Meanwhile, the seller has the right to cancel the contract if the buyer does not pay the payments due before the grace period's conclusion. Despite that, the seller must notify the buyer first about the contract cancellation or the retraction demand. This notice or demand must be in the form of a notarial act and will only be effective 30 days after this has been made.
Selling or assigning property rights to another person.
Buyers have the option to sell or assign their property rights to someone else. They can also choose to reactivate the contract by updating the account during the grace period if they desire. However, this transaction must be completed before the contract is actually canceled. A notarial act must also be used to execute the relevant sale or assignment deed.
Paying the balance ahead without any additional interests
The buyer's rights include paying any installments in advance or the entire outstanding balance of the property's purchase price. This can be done at any time and will not result in any interests being charged. This entire payment may also be noted on the property's certificate of title.
Signing into inconsistent contracts with the existing laws
The Maceda Law provides protection to those buyers who may have overlooked the fine prints of contracts during the signing required by the real estate contractors or developers by implementing that any terms and conditions conflicting the Sections 3, 4, 5, and 6 of the Maceda Law will be considered null and void.
Should the developers be found to be at fault in any manner – for example, in terms of delays and damages – the provisions of Presidential Decree No. 957 or the Revised Rules and Regulations Implementing the Subdivision and Condominium Buyer's Protective Decree may be investigated and implemented instead.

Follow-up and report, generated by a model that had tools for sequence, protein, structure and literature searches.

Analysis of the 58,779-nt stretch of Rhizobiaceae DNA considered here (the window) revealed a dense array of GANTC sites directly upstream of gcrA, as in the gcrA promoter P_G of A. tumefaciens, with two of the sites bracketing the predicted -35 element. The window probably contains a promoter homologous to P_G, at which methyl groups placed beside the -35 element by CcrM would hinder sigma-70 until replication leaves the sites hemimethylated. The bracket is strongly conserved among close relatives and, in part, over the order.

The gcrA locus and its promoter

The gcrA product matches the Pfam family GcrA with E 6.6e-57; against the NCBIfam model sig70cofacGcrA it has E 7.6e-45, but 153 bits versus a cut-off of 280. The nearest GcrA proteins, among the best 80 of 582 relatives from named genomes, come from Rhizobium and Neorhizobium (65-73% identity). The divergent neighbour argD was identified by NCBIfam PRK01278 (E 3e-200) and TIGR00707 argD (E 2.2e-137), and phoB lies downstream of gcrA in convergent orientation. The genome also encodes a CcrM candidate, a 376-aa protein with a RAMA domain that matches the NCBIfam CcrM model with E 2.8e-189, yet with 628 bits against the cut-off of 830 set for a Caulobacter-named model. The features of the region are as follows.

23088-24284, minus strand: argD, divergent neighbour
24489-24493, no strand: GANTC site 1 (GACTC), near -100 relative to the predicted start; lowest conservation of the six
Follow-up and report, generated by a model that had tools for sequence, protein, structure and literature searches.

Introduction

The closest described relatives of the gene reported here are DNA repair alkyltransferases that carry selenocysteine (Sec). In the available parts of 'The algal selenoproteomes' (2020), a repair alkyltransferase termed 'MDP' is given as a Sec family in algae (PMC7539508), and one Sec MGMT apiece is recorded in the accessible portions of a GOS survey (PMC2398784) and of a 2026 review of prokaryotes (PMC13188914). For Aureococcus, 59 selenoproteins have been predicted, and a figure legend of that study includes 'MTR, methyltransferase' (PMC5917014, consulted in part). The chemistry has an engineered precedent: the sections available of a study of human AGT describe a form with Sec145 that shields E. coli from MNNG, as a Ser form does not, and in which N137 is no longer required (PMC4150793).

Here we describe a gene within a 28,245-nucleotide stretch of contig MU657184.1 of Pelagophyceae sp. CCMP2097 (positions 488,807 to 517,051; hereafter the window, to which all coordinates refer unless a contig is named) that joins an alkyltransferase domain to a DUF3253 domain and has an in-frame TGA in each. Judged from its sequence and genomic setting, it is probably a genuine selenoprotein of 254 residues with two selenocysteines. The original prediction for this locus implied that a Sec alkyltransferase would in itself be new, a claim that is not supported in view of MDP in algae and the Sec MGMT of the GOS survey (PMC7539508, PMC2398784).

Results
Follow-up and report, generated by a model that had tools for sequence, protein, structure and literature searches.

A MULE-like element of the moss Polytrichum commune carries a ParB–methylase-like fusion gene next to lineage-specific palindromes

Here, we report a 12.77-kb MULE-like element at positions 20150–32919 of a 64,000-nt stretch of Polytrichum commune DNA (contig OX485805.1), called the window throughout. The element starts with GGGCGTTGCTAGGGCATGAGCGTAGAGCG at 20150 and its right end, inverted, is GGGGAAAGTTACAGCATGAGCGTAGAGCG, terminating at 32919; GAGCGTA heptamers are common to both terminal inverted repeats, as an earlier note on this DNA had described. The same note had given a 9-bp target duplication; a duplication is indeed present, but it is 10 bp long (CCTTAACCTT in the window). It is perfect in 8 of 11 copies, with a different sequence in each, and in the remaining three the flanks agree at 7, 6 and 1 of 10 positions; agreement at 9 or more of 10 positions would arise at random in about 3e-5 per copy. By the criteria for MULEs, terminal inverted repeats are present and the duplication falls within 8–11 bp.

Maceda Law VS Bank Housing Loans
Nowadays, developers merely require the homebuyers to pay a down payment, representing a percentage of the house purchase price. The remaining balance will then be shouldered by financing schemes such as Pag-IBIG Fund, in-house financing, or commercial banks.
If you take a housing loan from a bank, the bank already fully paid the balance you have to the real estate developer, which means you are now paying your monthly dues to the loan you acquired from the bank and not to the house purchase price.
In this event that the purchase price has been paid in full, the only sum you owe is the loan, and because you are no longer paying in installments, RA 6552 or the Maceda Law no longer applies in this kind of scenario.
Difference between Contract to Sell and Contract of Sale
In a contract to sell, a deed of sale is only executed upon full payment of the property's purchase price. As a result, until the total payment is paid, the seller retains full ownership of the property. After the grace period, if the buyer does not finish the payment or pay the interest, the buyer will be given a 30-day notice of delinquency and cancellation. Only after the 30-day period has passed after the buyer received the notice and the buyer has failed to repay the money, including any accrued interest, would the seller be able to pursue cancellation of the contract to sell. Although a contract to sell is legitimate even if it is not notarized, it must be notarized in order to be recorded in public records.
A contract of sale is a type of agreement in which the seller agrees to transfer ownership of the property in exchange for a payment equal to its value. It is a legal contract that expressly states that the property title will be transferred after the buyer has met his or her payment obligations. A contract of sale can be classified as absolute or conditional. Absolute means that there are no other conditions outside payment of the purchase price and transfer of title, whereas conditional means that certain requirements must be met before the property can be delivered.
In short, a contract to sell means the seller retains property ownership until the buyer meets all of his or her responsibilities and pays the full purchase price. In contrast, the contract of sale is the property turnover and ownership after the full or constructive payment of the buyer to the seller.